Four federal law enforcement officers were recently honored for their actions during a shootout in Allenhurst last year.
They were among 202 Department of Justice employees recognized for their public service by Attorney General Jeff Sessions on Oct. 25 at the 65nd annual Attorney General’s Awards Ceremony.
Four honorees received the Attorney General’s Award for Exceptional Heroism for their actions on Nov. 18, 2016. That day, members of the U.S. Marshals Service Southeast Regional Fugitive Task Force, led by Deputy Commander Patrick T. Carothers, arrested a fugitive at a residence in Allenhurst. The fugitive was wanted in South Carolina on multiple counts of attempted murder of police officers.
When the fugitive was located in a room inside the residence, he opened fire on Carothers, striking him multiple times. Although mortally wounded, Carothers returned fire, trying to protect his team and himself from the fugitive’s attack.
As additional task force members entered the gunfight, others removed Carothers from the house and rendered medical aid. Carothers died from his wounds. The fugitive, Dontrell Montese Carter, later died.
Sessions presented the award posthumously to Carothers and three members of his team: Supervisory Criminal Investigator Ramiro Suarez Jr., Criminal Investigator James F. Turner and Deputy U.S. Marshal Robert C. Doherty.
“Every single day, the 115,000 men and women of the Department of Justice work to protect our national security against terrorist threats, defend the civil rights of all Americans, reduce violent crime in our communities, stop deadly drug dealers and their organizations, and strengthen the rule of law,” Sessions said. “This work benefits every American, and each Department of Justice employee plays a role that helps us accomplish our objectives.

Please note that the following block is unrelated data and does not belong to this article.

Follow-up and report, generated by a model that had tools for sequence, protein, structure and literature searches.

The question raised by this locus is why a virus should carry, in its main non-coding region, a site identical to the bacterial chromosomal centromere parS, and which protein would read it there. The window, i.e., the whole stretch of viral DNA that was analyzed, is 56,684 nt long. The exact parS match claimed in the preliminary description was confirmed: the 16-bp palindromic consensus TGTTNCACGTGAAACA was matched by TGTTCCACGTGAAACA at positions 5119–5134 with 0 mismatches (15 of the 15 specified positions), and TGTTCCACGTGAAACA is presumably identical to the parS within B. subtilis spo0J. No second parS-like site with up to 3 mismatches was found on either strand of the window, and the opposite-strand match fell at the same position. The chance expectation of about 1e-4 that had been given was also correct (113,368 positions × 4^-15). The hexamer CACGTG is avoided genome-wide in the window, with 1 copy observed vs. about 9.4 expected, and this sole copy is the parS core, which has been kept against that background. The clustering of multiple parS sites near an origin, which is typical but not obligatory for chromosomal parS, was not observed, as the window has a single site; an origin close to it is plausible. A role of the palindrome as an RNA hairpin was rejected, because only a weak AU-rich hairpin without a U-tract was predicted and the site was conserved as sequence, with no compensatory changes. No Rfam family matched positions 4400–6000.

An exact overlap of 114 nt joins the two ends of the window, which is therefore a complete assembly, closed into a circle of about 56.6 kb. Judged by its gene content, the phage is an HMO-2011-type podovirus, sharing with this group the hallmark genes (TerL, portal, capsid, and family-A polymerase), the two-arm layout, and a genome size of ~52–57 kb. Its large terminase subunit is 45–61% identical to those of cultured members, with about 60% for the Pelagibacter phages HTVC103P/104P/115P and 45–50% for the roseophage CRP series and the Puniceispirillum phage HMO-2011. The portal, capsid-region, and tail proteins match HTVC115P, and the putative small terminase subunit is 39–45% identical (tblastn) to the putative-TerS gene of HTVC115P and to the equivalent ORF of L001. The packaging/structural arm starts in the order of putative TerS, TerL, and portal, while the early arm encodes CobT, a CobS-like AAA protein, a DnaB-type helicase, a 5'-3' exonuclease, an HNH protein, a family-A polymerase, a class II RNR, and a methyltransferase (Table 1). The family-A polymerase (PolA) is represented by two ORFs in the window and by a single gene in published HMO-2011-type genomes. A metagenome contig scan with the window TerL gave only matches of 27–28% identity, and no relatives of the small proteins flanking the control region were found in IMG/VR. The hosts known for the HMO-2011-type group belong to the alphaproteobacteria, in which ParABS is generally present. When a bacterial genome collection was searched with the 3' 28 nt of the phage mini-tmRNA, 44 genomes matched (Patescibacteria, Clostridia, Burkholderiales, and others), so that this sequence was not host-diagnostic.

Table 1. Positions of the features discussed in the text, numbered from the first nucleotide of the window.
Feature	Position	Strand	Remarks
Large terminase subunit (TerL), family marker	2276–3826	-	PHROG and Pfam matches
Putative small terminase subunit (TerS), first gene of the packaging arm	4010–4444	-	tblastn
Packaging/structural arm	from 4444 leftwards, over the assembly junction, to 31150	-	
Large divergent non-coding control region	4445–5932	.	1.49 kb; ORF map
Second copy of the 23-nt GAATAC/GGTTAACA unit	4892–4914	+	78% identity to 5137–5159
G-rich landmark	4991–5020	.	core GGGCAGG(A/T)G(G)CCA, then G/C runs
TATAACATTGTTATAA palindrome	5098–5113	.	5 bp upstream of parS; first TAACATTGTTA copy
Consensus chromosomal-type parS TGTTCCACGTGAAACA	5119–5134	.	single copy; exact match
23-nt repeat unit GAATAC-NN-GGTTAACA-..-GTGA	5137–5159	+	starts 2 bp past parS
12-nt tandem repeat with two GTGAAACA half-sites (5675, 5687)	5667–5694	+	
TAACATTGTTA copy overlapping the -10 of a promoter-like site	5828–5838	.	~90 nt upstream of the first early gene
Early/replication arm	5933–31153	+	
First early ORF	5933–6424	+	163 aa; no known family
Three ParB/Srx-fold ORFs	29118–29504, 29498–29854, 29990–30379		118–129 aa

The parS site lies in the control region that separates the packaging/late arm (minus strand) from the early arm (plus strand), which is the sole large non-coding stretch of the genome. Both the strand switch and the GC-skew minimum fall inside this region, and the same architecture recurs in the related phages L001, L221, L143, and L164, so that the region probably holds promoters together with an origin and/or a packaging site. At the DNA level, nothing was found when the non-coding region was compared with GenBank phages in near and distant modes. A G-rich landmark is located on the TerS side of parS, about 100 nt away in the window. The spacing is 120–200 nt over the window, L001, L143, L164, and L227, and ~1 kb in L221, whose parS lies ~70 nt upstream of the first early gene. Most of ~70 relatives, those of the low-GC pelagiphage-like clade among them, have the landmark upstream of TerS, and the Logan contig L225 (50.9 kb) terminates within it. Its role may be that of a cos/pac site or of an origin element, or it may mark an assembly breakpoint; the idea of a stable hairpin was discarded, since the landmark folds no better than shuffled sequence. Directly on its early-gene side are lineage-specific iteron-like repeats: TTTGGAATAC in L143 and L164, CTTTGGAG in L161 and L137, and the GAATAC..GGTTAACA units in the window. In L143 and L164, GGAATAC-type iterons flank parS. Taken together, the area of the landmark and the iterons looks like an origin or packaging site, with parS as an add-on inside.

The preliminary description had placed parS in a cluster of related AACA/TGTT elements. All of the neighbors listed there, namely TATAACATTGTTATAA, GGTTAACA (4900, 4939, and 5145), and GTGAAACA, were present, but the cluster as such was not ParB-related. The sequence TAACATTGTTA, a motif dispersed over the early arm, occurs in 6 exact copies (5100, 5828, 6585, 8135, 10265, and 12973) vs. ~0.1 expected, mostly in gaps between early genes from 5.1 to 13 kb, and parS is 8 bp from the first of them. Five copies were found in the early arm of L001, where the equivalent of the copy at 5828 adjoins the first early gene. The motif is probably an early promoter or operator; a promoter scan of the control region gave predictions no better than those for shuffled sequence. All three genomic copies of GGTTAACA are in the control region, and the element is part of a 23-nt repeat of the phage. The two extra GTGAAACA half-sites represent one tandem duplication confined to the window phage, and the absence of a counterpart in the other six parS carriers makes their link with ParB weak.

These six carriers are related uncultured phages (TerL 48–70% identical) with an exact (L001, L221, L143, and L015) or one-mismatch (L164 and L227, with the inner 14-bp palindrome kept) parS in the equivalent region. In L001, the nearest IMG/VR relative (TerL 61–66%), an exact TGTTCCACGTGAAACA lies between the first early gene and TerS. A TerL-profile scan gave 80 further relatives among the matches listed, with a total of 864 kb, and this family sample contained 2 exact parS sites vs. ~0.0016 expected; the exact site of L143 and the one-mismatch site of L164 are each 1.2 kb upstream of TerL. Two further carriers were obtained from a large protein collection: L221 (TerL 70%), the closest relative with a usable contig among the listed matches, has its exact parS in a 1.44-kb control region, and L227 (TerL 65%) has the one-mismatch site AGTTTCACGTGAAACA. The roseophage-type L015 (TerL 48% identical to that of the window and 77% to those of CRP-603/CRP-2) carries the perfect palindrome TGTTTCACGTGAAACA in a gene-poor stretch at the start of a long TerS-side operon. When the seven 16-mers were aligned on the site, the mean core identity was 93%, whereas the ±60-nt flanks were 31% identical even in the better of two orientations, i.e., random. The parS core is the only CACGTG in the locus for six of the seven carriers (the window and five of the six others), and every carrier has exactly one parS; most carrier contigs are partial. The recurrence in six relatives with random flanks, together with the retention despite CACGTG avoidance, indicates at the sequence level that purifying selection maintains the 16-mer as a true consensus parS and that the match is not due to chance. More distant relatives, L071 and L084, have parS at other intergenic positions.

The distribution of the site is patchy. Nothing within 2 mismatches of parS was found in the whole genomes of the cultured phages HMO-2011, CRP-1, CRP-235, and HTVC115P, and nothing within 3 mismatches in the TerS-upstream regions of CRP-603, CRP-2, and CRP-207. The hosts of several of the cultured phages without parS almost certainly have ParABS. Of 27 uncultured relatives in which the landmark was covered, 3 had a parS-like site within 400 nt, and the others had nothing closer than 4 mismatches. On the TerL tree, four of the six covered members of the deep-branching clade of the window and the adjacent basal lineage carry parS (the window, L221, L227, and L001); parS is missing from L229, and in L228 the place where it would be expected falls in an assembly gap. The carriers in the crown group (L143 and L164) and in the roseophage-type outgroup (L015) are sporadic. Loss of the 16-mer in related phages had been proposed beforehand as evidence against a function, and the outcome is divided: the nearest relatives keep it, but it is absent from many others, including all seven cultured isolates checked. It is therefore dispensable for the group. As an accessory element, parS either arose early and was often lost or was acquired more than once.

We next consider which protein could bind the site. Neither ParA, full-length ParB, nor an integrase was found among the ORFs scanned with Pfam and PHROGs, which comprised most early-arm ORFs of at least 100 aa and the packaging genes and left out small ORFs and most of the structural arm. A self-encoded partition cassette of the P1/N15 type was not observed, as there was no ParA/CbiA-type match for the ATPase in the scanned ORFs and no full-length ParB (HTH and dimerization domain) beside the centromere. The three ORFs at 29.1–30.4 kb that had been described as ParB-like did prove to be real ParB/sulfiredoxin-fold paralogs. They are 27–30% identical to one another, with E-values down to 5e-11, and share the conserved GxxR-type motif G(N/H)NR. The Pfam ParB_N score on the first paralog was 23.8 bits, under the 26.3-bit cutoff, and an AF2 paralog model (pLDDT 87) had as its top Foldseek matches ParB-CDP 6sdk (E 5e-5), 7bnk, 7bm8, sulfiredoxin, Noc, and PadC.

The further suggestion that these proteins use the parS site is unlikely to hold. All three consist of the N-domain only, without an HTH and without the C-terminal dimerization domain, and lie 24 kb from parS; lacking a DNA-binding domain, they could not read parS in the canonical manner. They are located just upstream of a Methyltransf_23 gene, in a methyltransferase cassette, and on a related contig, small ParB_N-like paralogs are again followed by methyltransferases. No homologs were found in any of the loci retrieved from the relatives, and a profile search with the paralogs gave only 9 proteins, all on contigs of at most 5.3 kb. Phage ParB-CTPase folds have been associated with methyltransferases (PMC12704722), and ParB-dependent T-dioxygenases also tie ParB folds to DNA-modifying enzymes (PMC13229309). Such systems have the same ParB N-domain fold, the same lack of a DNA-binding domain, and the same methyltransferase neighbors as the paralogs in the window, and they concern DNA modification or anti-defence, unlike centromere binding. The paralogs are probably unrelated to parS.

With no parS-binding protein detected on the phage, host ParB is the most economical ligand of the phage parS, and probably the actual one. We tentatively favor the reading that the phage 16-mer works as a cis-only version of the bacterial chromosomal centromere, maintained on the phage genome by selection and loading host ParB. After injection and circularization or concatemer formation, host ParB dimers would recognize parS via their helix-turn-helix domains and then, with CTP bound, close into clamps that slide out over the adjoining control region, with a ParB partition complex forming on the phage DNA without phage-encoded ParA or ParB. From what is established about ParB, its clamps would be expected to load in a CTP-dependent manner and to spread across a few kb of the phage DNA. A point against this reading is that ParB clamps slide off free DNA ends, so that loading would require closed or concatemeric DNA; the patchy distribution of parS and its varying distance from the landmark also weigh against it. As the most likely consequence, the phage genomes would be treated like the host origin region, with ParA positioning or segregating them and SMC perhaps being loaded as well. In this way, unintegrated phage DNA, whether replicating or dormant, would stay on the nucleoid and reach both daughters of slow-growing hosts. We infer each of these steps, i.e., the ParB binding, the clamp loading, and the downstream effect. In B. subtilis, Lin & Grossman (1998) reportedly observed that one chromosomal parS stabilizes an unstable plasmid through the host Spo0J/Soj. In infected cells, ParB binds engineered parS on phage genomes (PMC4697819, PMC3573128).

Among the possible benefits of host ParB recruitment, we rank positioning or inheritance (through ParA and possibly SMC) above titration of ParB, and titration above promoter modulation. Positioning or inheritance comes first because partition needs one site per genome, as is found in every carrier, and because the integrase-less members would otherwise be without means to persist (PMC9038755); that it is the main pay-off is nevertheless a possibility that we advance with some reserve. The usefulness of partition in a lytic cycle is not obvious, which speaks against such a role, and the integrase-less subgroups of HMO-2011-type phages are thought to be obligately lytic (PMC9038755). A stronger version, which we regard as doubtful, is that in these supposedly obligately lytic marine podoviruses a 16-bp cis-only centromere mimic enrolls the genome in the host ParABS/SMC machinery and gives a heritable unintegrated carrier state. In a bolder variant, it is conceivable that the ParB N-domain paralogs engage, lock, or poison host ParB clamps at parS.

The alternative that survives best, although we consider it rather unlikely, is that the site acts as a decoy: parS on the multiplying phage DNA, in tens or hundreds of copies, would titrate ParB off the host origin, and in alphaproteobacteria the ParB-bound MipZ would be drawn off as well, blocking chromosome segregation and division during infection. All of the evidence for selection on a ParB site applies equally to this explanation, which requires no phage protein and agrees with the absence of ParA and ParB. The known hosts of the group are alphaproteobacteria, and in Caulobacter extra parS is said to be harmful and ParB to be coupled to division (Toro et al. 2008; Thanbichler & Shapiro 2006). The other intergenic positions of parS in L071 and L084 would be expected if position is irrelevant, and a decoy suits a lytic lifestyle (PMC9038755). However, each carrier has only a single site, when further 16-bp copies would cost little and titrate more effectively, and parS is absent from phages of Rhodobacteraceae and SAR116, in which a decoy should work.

“Each one of these men and women — through their dedication and commitment — has made a difference. Meeting with them and their families today, I am more confident than ever that the Department — and the safety of the American people — are in good hands.”
During the ceremony, Sessions talked specifically about Carothers.
“We must remember some who couldn’t be with us because they gave the last full measure of devotion. That includes Deputy Commander Patrick Carothers of the Marshals Service. After more than 25 years in law enforcement, Pat could have gotten a desk job or retired. But that just wasn’t who he was. And so, when it was time to serve a warrant for a fugitive wanted for attempting to kill police, Pat was the first one through the door,” said Sessions, “We are going to remember Patrick Carothers’ story for a long time. And he is going to inspire us to live up to his example of selflessness and bravery.”
U.S. Attorney R. Brian Tanner said, “Every member of Deputy Commander Carothers’s team exhibited profound courage, but he made the ultimate sacrifice.
“That team not only included the three federal marshals recognized with him by the attorney general today, but also a number of state and local law enforcement agents that with no less gallantry were on the scene in Allenhurst returning fire and rendering aid. All these men and women voluntarily took on the mantle of public service, putting themselves in harm’s way in order to keep us all safe. Today, and every day, they deserve our gratitude and respect.”